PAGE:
By joining the filibuster, Nelson single-handedly turned what should have been a three month process into a ten month process, one in which all sorts of absolute insanity was spewed by opponents. At one point, in an effort to do anything to get the bill through, Reid tried to tack on what became known as the Cornhusker-Kickback, but that vote-purchasing was too overt even for Washington.

Of course, there were Blue Dog Democrats in the House who railed against the bill, some of whom even going so far as to essentially campaign on their opposition to it. (Just a side note; many of these “Blue Dogs” were elected on Obama's coattails and to thank him for creating a political climate in which they get jobs in Congress, they shat all over his most ambitious legislative goal. Thanks guys.) However, there was really nothing they could do about it, because there isn't a filibuster procedure in the House that allows for the minority party to dictate legislation.

The perpetual filibuster over health care reform sucked all of the policy momentum out of the Obama administration, making it almost impossible to take any additional steps in fixing the economy. Furthermore, by joining the filibuster, Ben Nelson changed the narrative of governance from “The Obama Administration Doing  Stuff” to “Congressional Republicans Making Sure Stuff Doesn't Get Done.” Our national political discussion was as much about what the Republicans were preventing as it was about what the Obama administration was doing. (For example, how many people are talking about the Obama administration's foreign policy successes in the last four years; ending the war in Iraq, assassinating Osama bin Laden, leading from behind in Libya, while navigating two inherited wars, radical changes in an already unstable Middle East...) And, along with all the stuff in the committees and the anonymous holds on legislation and nominations, the filibuster became the primary technique of Congressional Republicans until they took back the house.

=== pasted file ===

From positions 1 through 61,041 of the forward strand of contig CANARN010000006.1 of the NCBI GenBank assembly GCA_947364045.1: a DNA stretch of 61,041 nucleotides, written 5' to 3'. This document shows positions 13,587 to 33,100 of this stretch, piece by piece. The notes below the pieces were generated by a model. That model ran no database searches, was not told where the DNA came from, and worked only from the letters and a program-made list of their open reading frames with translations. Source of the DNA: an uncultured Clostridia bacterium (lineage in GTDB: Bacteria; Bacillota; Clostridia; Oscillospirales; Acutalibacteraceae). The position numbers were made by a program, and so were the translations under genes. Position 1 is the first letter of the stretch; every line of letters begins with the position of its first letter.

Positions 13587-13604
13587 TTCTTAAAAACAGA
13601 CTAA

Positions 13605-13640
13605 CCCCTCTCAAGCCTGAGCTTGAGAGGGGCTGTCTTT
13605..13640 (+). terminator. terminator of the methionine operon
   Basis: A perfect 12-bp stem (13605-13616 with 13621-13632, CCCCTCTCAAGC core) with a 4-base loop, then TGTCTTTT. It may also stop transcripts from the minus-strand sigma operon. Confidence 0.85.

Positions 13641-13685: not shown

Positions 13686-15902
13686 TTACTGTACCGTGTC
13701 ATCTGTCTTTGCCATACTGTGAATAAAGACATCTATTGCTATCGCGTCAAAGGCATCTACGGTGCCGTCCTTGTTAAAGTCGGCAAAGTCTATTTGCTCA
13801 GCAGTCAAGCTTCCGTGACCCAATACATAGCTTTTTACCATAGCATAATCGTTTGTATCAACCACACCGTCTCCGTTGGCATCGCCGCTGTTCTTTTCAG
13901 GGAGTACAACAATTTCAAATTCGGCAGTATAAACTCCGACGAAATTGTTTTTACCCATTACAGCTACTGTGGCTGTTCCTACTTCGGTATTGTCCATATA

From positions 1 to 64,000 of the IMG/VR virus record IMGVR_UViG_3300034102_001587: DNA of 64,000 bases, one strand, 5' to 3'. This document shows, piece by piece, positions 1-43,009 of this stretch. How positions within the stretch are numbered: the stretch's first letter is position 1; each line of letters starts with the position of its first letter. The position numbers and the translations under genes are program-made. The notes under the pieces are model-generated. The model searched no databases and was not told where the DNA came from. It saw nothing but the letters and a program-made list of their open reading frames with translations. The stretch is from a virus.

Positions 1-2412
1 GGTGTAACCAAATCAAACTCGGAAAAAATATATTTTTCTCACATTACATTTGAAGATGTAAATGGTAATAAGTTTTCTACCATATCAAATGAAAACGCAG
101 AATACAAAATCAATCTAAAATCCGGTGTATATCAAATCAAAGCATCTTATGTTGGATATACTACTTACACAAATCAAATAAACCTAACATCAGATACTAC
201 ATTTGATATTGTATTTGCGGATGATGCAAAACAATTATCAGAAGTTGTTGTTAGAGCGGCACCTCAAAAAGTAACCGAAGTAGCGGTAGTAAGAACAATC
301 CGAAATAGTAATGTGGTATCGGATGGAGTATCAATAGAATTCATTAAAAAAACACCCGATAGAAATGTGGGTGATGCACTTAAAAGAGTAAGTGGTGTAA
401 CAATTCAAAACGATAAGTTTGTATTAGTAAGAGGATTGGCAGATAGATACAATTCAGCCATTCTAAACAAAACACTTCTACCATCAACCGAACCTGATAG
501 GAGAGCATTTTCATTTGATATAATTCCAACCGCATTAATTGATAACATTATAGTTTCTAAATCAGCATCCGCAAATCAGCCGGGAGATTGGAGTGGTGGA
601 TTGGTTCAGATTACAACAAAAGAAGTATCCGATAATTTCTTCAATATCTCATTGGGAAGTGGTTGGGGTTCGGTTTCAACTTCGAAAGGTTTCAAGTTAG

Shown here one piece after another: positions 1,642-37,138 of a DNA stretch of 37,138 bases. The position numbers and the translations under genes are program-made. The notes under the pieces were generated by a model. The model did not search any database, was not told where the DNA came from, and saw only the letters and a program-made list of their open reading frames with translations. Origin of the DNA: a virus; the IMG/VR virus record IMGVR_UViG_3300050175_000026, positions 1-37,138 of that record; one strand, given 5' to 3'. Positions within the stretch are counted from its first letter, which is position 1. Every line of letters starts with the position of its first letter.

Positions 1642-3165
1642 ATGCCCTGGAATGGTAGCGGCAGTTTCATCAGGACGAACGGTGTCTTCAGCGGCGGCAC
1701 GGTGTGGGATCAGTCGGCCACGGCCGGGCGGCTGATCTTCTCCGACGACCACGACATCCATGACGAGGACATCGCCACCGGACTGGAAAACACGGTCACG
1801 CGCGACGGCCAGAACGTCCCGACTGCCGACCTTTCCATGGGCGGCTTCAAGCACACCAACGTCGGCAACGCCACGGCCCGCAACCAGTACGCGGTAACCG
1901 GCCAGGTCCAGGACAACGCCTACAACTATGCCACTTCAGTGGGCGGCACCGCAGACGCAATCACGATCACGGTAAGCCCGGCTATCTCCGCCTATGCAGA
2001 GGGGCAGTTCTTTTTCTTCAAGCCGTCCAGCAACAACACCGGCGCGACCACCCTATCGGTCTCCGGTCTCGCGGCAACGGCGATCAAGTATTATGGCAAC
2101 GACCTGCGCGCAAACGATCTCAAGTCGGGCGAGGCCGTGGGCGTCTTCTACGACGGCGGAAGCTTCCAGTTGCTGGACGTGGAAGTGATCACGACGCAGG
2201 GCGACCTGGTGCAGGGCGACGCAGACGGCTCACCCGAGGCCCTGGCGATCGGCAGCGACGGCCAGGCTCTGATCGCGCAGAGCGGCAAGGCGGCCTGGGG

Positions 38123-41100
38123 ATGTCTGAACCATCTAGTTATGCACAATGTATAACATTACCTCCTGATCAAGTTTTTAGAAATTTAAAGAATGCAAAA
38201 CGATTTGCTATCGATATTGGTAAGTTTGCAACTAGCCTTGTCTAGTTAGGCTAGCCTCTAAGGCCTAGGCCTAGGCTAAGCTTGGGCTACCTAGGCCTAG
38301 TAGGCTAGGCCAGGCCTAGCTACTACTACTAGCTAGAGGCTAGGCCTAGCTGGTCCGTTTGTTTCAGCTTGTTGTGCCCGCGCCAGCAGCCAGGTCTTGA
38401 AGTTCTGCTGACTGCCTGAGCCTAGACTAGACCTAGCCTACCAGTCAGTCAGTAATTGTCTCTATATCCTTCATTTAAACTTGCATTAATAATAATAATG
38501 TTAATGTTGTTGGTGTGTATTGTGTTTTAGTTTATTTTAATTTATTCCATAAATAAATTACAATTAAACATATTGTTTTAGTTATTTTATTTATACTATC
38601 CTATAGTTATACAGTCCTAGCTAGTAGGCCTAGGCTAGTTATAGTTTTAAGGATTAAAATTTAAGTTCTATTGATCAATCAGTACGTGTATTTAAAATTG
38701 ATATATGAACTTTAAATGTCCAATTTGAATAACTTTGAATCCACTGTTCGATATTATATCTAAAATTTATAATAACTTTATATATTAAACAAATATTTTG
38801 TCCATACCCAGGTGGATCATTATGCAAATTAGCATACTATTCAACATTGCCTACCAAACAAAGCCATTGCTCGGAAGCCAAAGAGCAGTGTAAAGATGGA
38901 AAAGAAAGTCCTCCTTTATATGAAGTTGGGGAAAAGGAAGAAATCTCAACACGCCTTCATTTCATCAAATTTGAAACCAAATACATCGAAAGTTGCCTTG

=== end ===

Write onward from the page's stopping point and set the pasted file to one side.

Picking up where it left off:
And that brings us to now. Obviously, a lot of other factors went into that mysterious process in which “then” inexorably becomes “now,” but I believe a lot of those wouldn't have been possible without Ben Nelson's filibuster. The radical optimist in me assumes he truly believed that the policy was so bad for this country that he stood in the way of a vast majority of legislators to prevent it from being adopted, but I'm pretty sure he just assumed his constituents wouldn't vote for him if someone accused him of supporting something somewhat somehow connected to socialism.

With his retirement, most pundits believe the seat will be filled by a Republican, and frankly that's fine with me. The Democrats might be begging Nelson to say, but from my perspective, it should be the other way around. It's the Republicans who should be begging him to stay, because he was one of the most successful Republican legislators of the last four years.